Liverpool IWW held a second successful event in our ‘One Big Discussion’ series of events at Liverpool Central Library on Thursday, 21st April. A dozen people showed up to air their thoughts on the subject ‘How can we save Liverpool’s green spaces?’, and the talk lasted right up to the library’s kicking out time.
Liverpool’s green spaces are facing an unprecedented challenge, with Labour mayor responding to the council’s funding crisis by selling off public assets to big developers such as Redrow. He claims the city needs more housing, but in reality, there are enough empty houses to easily keep a roof over the head of every one of the area’s spiraling homeless population. Those places just need doing up. There’s absolutely no sense on tearing out the city’s lungs, at a time when there’s a huge public health crisis due to poor local air quality.
Perhaps the most important thing about the meeting was that people interested in the subject, many of whom had never met before, came together to learn from each other, feed of each other’s anger, and make connections which could bolster resistance to Mayor Anderson, Labour, and the whole local elite over the coming months and years.
The next One Big Discussion is ‘How can working class women improve their lives?’, and it will take place from 6pm on Wednesday, 16th May. The June talk will be on ‘How can benefits claimants defend their rights?’
The Liverpool branch of the Industrial Workers of the World union massively welcomes today’s announcement of the Hillsborough inquest verdict. Finally, ‘The Truth’ that working class people of Liverpool and all around the world have known for 27 years has been officially recognised – ultimately, the South Yorkshire Police killed 96 Liverpool football fans.
For many of us growing up, living and working in Liverpool and surrounding areas, the Hillsborough Disaster and the events that happened in its aftermath were of massive personal significance. Almost everyone on Merseyside knew someone who had been there. Many of those who were fortunate enough to come home physically unharmed still bear the psychological wounds to this day, and hopefully this verdict will give them some peace.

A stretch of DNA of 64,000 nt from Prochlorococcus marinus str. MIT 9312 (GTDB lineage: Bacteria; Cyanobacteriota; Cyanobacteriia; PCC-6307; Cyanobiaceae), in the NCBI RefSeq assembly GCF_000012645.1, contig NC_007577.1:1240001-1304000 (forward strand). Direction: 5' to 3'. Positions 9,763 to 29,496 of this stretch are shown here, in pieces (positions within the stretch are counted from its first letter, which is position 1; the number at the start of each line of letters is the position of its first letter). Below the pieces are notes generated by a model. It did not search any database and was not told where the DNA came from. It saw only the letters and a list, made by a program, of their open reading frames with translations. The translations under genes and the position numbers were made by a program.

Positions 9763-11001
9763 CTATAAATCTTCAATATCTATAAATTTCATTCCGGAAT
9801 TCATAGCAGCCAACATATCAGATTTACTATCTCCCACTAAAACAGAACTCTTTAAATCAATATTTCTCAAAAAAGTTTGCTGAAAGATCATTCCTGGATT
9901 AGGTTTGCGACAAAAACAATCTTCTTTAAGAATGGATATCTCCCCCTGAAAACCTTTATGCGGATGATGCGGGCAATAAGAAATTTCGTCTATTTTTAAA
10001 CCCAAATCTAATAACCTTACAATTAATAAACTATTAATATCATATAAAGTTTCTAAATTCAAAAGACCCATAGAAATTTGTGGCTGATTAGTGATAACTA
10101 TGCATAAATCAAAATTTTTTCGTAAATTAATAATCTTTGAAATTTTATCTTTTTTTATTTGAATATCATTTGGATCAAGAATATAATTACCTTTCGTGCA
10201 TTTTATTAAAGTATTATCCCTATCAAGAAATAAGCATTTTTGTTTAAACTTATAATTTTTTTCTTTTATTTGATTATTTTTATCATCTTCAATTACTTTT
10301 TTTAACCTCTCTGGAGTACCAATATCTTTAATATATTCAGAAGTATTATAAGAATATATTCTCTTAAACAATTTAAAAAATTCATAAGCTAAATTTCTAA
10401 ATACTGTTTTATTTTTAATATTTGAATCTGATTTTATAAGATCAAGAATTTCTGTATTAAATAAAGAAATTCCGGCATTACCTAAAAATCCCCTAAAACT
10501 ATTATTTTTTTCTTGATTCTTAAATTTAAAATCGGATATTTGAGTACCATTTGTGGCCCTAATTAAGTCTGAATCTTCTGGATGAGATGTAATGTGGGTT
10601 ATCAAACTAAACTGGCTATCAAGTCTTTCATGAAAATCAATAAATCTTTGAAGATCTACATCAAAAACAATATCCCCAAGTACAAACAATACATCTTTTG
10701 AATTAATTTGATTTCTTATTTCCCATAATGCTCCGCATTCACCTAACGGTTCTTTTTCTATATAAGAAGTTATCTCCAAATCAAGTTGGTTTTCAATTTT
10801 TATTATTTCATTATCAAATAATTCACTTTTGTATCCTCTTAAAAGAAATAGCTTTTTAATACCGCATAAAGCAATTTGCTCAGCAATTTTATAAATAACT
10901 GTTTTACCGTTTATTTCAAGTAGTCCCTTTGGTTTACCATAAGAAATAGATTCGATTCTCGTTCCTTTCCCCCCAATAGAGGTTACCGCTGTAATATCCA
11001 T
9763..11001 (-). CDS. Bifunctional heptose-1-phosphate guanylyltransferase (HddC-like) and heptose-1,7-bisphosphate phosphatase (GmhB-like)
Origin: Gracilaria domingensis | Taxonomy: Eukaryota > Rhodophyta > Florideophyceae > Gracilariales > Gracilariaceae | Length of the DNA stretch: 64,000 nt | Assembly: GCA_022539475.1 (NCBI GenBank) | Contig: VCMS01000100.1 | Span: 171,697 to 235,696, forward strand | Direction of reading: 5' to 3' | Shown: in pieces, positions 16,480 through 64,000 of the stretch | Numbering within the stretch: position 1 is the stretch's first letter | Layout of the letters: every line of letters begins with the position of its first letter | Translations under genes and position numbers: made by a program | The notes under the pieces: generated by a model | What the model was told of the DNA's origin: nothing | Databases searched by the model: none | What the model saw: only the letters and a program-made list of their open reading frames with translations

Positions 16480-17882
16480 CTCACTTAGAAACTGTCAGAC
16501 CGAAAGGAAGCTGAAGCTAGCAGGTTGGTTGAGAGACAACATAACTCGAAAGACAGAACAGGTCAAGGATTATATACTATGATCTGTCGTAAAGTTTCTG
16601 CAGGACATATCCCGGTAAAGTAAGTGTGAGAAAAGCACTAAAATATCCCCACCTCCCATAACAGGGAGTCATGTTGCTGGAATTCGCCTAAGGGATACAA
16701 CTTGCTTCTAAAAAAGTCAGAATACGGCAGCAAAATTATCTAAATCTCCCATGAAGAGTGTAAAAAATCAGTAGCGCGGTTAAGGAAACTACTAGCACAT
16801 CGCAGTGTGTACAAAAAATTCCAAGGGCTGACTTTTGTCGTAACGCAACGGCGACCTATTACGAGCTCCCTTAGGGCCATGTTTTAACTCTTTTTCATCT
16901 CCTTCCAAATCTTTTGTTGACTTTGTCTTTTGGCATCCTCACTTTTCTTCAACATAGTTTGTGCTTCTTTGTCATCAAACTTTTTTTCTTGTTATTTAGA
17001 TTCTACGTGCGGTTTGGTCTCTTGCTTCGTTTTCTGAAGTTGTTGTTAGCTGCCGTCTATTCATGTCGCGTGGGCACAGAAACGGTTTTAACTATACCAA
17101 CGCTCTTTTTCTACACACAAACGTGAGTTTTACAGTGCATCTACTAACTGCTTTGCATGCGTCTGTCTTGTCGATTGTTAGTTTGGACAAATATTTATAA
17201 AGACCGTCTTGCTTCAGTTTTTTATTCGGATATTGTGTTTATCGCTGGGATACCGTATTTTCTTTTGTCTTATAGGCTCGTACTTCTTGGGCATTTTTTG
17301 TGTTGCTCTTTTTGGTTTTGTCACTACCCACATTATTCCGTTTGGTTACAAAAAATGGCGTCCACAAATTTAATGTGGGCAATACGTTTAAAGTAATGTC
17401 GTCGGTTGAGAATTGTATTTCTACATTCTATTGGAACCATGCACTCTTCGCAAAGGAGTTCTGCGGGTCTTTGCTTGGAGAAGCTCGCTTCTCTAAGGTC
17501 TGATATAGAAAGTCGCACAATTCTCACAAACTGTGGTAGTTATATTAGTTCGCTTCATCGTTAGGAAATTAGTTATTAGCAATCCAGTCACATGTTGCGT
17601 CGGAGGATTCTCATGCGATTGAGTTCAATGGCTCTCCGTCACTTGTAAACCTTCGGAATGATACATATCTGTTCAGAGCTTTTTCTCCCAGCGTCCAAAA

But if we may say so, today is as much about the final victory of working class people over the political establishment’s attempts to cover up the crimes of their armed wing – the police force. Crimes that took place in plain view of millions of people who saw the events unfold on television. But within minutes, the police, the Thatcher government, and the media were working together to shift the blame. They tried to shift it from their protectors in police uniforms – some of whom a few years earlier had been battering miners standing up for their livelihoods – and onto the backs of people from Liverpool – a city whose working class had given Thatcher many sleepless nights.
They tried to change ‘The Truth’ before our eyes. They tried to play on the worst anti-Scouse stereotypes (ultimately anti-poorest elements of working class stereotypes), to make us all out to be somehow less than human. But ‘The Truth’ is that in times of stress and chaos, working class people band together in solidarity. And that is a truth that the rich – then as now – fear more than anything else.